Miramax Films, 2008
By Julissa Trevino
“Doubt can be a bond as powerful and sustaining as certainty,” says Phillip Seymour Hoffman’s character, Father Flynn, in Doubt, as he stands giving a sermon before his parishioners in church.
His assertion holds true for the stern and stubborn principal of St. Nicholas Catholic School, Sister Aloysius, played by Meryl Streep. Set in 1964, the film centers on the nun’s relentless attempt to force Father Flynn, a charming and likeable young priest, out of the Catholic school after Sister James (Amy Adams) reveals her suspicion that he may be paying too much (inappropriate) attention to the school’s new and first black student, Donald.
The strength of the film rests on its actors’ performances. Streep’s condescending tone, brooding looks, proper manners and judgments of others make Sister Aloysius a character all the children fear. Hoffman’s charm, easy-going personality and sensitive innocence is played without apology–the children love him because he’s understanding, and the viewer sympathizes with him when he sheds tears during his confrontation with Sister Aloysius. Even Viola Davis’ short appearance in her role as Donald’s quiet and proper hard-working mother is terrifyingly fitting and authentic.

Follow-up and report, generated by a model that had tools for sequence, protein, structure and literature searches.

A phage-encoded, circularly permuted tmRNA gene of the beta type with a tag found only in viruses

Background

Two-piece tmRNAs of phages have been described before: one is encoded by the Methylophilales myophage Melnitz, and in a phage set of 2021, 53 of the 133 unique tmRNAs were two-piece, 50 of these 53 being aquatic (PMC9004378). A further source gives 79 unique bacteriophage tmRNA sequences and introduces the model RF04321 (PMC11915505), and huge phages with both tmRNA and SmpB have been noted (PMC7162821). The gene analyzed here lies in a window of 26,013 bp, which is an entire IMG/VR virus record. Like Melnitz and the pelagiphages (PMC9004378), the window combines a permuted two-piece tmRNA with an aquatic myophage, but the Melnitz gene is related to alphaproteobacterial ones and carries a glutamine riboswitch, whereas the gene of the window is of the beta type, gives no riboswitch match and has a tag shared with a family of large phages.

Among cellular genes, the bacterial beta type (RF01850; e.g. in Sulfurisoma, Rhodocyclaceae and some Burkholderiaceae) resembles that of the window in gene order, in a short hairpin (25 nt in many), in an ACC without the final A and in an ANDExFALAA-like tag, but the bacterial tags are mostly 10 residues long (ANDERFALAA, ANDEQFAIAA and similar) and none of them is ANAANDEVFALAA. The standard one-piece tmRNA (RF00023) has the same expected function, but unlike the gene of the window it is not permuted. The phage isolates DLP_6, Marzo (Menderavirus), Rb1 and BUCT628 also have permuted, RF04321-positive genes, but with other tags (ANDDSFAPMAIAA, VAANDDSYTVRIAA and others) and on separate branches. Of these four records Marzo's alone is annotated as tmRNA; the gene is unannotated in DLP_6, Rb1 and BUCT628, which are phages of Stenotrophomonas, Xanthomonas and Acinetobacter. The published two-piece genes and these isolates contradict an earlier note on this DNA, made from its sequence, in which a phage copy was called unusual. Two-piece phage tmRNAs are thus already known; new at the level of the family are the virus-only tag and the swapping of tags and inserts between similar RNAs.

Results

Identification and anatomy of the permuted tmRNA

The dialogue particularly draws on the power struggle between Father Flynn and Sister Aloysius and her ultimate refusal to surrender, though you never really find out whether he actually did anything to Donald. The best scene is a long dialogue between Aloysius and Flynn as they argue over her supposed knowledge of his sins.
With a gloomy and windy backdrop, the film uses dim lighting to set the tone of many thought-provoking scenes. But they are ruined by ominous, loud and overbearing noise (both music–loud organ music, of all things–and background noise) and unnecessary over-dramatized shots. Even in the confrontation scene, you become distracted by the background noise: an unnecessarily loud thunderstorm.
While some very important parts are destroyed by amateur hints at something big about to happen, Doubt uses its strengths in all the right ways: The dialogue is powerful, the content thoughtful and the mood refreshingly depressing. While the conflict’s never resolved, it’s fascinating to watch.